In August, the Insights Association tussled with more state and federal privacy legislation, laws and regulation; considered the implications of COVID-19-related mandates for employers; analyzed pending changes to the pharmaceutical industry’s restrictions on interactions with doctors; and opposed a potential federal tax on companies operating online. We’re also nearing the finish line in our campaign to fix the California law requiring a minimum wage for research subjects.
In July, the Insights Association lamented more new state privacy laws while issuing helpful CCPA compliance information for members; welcomed an important data security protection in Connecticut; endorsed a new nominee to run the Census Bureau; and continued to advance a fix to the 2020 California law requiring a minimum wage for research subjects.
This month, the Insights Association is dealing with new privacy legislation in more states, addressing more data tax problems, advocating for additional census funding, and making significant progress in efforts to improve California A.B. 2257.
In addition to a win at the Supreme Court on TCPA that should ease worries for the more telephone-hesitant insights pros, the Insights Association was tied up this month in state battles over comprehensive privacy legislation, defending marketing research access to DMV records in Texas, promoting legal defenses against data breaches in Connecticut, deterring push polls in Massachusetts, continued advocacy on California A.B. 2257, and helping to win new COVID-19-exposure liability limitations for businesses in Florida.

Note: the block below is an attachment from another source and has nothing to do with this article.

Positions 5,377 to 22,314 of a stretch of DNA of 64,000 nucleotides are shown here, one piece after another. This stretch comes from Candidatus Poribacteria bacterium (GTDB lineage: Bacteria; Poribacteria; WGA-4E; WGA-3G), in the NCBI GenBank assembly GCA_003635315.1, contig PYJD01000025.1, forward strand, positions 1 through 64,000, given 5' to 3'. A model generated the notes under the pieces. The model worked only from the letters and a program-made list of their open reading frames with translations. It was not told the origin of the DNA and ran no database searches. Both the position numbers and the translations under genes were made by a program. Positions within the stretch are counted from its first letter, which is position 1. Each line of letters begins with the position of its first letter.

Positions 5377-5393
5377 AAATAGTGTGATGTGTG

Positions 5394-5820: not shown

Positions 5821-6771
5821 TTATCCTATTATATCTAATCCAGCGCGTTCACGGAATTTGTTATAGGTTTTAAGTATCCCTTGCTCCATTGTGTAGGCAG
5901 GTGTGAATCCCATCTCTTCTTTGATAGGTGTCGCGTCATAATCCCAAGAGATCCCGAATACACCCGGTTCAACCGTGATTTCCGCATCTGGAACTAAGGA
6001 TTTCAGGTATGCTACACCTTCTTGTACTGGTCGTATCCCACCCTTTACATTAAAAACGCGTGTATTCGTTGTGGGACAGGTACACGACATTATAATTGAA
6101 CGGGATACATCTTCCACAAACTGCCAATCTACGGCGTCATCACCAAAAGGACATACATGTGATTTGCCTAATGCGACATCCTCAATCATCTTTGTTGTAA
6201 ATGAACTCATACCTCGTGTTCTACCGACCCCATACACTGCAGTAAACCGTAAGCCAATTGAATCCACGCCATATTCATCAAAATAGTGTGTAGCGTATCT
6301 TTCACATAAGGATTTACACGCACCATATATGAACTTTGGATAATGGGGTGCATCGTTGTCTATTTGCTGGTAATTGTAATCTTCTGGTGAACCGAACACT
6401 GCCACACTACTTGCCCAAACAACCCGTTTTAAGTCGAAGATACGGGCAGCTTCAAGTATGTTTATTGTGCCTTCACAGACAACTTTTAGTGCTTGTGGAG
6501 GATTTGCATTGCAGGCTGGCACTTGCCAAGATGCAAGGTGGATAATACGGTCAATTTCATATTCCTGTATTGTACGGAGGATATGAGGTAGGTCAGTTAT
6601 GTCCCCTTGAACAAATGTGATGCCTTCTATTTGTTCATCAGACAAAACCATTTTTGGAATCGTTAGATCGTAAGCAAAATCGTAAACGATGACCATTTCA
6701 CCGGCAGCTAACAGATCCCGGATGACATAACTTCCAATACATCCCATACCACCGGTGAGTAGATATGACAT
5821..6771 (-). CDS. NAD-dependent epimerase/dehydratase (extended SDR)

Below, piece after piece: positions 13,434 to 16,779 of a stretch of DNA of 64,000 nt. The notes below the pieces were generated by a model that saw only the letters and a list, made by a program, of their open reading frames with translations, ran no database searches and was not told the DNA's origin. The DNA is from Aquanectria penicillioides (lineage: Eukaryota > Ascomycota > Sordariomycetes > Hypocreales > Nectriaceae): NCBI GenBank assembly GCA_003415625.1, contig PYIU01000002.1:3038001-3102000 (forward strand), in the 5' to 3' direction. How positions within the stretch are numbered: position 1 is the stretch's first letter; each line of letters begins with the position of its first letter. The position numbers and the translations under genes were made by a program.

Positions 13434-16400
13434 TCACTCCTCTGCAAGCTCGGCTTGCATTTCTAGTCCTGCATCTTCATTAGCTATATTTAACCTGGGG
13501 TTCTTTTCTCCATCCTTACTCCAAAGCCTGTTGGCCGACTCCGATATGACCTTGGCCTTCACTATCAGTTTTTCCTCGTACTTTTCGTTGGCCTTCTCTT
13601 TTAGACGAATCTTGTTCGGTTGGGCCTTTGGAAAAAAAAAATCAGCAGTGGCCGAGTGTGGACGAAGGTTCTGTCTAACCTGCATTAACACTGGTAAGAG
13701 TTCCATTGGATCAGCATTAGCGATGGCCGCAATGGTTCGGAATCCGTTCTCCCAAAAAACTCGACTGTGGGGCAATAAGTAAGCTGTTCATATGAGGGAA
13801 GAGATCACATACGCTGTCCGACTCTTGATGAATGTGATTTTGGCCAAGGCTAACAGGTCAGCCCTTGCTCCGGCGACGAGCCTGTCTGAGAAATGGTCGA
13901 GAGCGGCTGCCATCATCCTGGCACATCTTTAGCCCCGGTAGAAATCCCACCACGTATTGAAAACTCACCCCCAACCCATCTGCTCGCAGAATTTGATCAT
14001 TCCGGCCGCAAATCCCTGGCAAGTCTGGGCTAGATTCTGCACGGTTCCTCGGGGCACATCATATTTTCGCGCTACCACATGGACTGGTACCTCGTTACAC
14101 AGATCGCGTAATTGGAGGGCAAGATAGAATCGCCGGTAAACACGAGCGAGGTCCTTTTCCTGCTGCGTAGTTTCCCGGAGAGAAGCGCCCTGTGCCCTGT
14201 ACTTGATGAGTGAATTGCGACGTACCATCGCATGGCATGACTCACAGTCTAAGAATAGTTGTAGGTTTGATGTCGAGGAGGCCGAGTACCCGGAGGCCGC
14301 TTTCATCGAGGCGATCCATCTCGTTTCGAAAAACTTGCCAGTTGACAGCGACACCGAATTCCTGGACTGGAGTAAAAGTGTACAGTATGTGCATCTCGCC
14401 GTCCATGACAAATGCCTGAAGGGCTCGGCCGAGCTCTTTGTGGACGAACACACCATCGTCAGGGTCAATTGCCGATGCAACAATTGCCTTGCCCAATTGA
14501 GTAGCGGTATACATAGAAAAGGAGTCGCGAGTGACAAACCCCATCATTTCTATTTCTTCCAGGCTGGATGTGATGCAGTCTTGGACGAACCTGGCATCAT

The insights industry scored important legislative victories in the last month for pharmaceutical MR in Pennsylvania, data security in Utah, and more COVID-19 small business loans and grants at the federal level and in California. At the same time, we’re staring down lots of problematic legislation, including a new comprehensive data privacy law in Virginia and a complex excise tax on data collection in New York. Meanwhile, advocacy continues on issues like: California A.B. 2257; worrisome legislation in Congress that would allow for the unionization of research subjects; limitations on coronavirus-related exposure liability; the census; and restrictions on exit polling.
February may have the fewest days, but this month certainly is not short on legislative activity pertinent to the insights community, including comprehensive privacy bills, data security legislation, new taxes on the industry, liability limitation for COVID-19-related exposure, new leadership to oversee the census, and new rules for determining independent contractor status. Changes are also in the works for California A.B. 2257.
The Coalition to Promote Independent Entrepreneurs recently urged the Department of Labor (DOL) to "provide additional clarity and predictability" in its proposed independent contractor rules.
IA Urges Department of Labor to Recognize Marketing Research Participants are Independent Contractors
The U.S. Department of Labor (DOL) needs to recognize in regulation that individuals receiving incentives for participation in marketing research are independent contractors, not employees, according to the Insights Association.
The Coronavirus Aid, Relief, and Economic Security (CARES) Act -- the $2 trillion spending law approved on March 27, 2020 in response to the COVID-19 crisis -- included provisions extending unemployment insurance, including to categories of individuals usually ineligible, like independent contractors and part-time workers.
The Insights Association has scored several policy victories in recent months – on Capitol Hill and in states across the U.S. Here are some of the highlights with content links for you and your team, all made possible by your membership.